And then I look at these photos. I see the man smiling here. He was a soldier who fought for South Vietnam. His name is Mo. Noah stayed in his guest house in Ho Chi Minh City. Mo is smiling. And so, I am smiling too.












Saturday, June 18, 2011

Why the Economy is So Screwed Up, in 135 Seconds


If you're like me, you don't really know why the economy is so screwed up. You feel like there is nothing you can do about it.

You worry about whether you'll have to work until you're 95. You see people you love come dangerously close to losing their houses. You see your friends and family unable to sell their houses and you wonder if you will ever be able to sell your own house, or buy another one.

You see your friends lose their jobs and go through horrifying turmoil because they can't find another one. You see young people, including your students and the children of your friends, unable to start careers, or even, in some cases, find summer employment. You see stores in your town closed and shuttered.

You see huge cutbacks at the university, with whole departments being slashed. You wonder whether your own department might be next.

You look around and sometimes you get this very very scary feeling that

this recession/depression or whatever it is is going to go on and on.

And you wonder. WHY? HOW DID THIS HAPPEN?

And then you hear former U.S. Labor Secretary Robert Reich explain the problem in a video circulated by MoveOn.Org.

It's quite amazing how smart and insightful this guy seems to be.

Check it out. Here. It will only take 135 seconds of your time.

Friday, June 17, 2011

There is Sick and there is SICK...


Dear Sandy,

I need to apologize. You will probably say that an apology isn't necessary, but I think it is. It is important to me to say "I'm sorry for being rather insenstive."

Sometime this morning you emailed, asking for feedback on Part Nine of your remarkable series, "The Journey We Take Alone." You gave the email the subject line "So?" and began by writing:

"Okay, I'll admit it, neither sleet, nor snow, nor diabolical illness stifles our yearning to achieve." Then you went on to ask for "constructive criticism."

Meanwhile, I woke up this morning feeling, for lack of a better or more delicate word, like shit. I had a splitting headache and my neck hurt so much I couldn't hold my head up. I had a funky stomach, too. No doubt I picked up a virus from my parents, as I was tending to my mom's illness yesterday.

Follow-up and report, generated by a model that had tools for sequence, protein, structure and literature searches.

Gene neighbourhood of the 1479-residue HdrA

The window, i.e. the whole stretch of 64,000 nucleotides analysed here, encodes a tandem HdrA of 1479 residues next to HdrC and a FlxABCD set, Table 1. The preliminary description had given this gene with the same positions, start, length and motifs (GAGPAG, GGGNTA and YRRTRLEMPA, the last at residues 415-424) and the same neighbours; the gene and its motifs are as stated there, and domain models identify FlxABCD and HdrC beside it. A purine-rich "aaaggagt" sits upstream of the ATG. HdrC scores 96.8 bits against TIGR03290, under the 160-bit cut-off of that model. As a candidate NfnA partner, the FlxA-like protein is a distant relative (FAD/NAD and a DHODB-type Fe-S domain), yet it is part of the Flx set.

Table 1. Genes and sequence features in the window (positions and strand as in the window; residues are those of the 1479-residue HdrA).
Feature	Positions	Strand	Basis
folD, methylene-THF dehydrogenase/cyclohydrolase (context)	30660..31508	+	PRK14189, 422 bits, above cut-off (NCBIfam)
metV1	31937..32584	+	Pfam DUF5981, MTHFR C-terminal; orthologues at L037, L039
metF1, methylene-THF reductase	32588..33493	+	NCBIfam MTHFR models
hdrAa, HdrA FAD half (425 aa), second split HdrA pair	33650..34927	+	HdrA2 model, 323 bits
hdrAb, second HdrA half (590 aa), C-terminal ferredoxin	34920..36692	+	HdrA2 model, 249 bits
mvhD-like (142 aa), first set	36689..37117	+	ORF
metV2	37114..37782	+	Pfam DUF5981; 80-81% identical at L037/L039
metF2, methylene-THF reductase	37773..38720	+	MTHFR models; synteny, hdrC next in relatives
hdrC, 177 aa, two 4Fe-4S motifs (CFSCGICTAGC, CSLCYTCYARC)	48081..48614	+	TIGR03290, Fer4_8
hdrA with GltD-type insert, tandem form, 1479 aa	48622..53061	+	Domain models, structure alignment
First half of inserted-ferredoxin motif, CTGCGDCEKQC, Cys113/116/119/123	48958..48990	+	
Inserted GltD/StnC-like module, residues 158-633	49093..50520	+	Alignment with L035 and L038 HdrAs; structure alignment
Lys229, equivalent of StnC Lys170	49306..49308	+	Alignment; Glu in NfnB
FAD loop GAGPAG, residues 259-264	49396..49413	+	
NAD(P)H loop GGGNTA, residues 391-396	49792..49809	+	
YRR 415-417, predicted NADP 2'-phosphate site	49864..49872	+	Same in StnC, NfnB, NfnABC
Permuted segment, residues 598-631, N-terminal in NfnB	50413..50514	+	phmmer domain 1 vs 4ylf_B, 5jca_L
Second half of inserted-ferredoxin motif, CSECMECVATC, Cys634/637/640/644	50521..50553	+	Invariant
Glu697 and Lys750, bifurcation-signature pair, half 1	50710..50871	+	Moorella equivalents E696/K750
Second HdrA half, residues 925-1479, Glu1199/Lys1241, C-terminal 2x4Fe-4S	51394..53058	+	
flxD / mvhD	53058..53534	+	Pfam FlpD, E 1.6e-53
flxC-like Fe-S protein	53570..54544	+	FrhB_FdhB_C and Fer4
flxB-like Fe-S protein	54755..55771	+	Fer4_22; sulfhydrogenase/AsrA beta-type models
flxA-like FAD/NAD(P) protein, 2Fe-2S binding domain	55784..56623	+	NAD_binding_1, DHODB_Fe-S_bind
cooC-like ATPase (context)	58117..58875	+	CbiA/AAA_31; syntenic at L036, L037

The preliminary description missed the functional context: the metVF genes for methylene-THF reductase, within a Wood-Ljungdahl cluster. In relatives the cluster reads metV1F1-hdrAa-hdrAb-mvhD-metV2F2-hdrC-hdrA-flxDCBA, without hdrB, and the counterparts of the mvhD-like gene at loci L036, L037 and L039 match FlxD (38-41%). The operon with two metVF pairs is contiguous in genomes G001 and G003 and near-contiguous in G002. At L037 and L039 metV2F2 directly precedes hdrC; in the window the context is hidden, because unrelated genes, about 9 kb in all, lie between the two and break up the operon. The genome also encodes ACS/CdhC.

So I just wrote you back an email saying I hadn't had a chance to read Part Nine. I wrote back to you saying today was a "stay in bed" sort of day and that I would get to Part Nine shortly.

About four minutes after I hit the send button, I was standing at the stove in my bathrobe boiling up some elbow macaroni. That's when it hit me:

SANDY PROBABLY WAKES UP EVERY MORNING FEELING LIKE SHIT. Or worse. He's got a "diabolical illness." He's on self-administered dialysis. He is anxiously awaiting a transplant of both his heart and kidneys.

It is so easy for us -- for me -- to forget what it means to be truly sick. Even though I endured a long and grueling treatment for cancer nine years ago, and know all too well what it's like living with day-after-day agony, it takes no time at all to forget. It takes no time at all to go back to taking our good health for granted. It comes so easily to regard a day like this, one that presents a nasty virus, as just so unfair. Or such an inconvenience -- I've got to skip a concert tonight.

Why I want to apologize Sandy is that I said this was a "stay in bed" sort of day (and it is, I'm in bed writing right now.) But chances are, I'll be up and at 'em again tomorrow. I'll resume my jogging and yoga. My stomach will be all right again. And a few days from now I probably won't even remember the fact I was sick today.

Not so, for you.

And so I am sorry for being rather insensitive. Because if you let yourself give into your illness, each and every day would be a "stay in bed" day. And there would be no way you'd be writing the marvelous material you are writing here. (By the way, Part nine is another winner, so so moving!)

One last thing. Just before I read your email, I was reading the Dalai Lama's The Art of Happiness, a fabulous book. Just by coincidence (although I wonder if there is such a thing) I opened to the chapter entitled, "Finding Meaning in Pain and Suffering."

I was marveling at the Dalai Lama's suggestion that when we are sick, or facing pain and suffering, we usually try as hard as we can to avoid it. " But he suggests that there are better ways to deal with pain and suffering and illness. He suggests that "suffering can serve to toughen us, to strengthen us...at other times it can have value by functioning in the opposite manner-- to soften us, to make us more sensitive and gentle."

Indeed, the Dalai Lama encourages us to use our personal suffering to "enhance" our compassion, by practising "Tong-Len," a visualization practice in which we take on another's pain and suffering. "When you undergo illness, pain or suffering, you can use that as an opportunity by thinking, 'May my suffering be a substitute for the suffering of all other sentient beings. By experiencing this, may I be able to save all other sentient beings who may have to undergo similar suffering.' So you use your suffering as an opportunity for the practice of taking others' suffering upon yourself."

As always, the Dalai Lama's teachings are profound and inspiring. Here he offers a simple way of finding "meaning" in illness; he is offering us guidance on how to develop empathy and compassion for others in pain. He takes what otherwise would seem pointless -- a bad headache, a stomach ache -- and he makes something positive out of them. He gives our suffering meaning.

So now. I am going to close my eyes and try the Dalai Lama's suggestion. I am going to attempt to do Tong-Len. This afternoon, Sandy, I am going to see if I can do what the Dalai Lama is suggesting. He recommends that with each in breath, we "receive" the suffering of another, and with each out breath, we give our positive energy and resources over to one who is ill.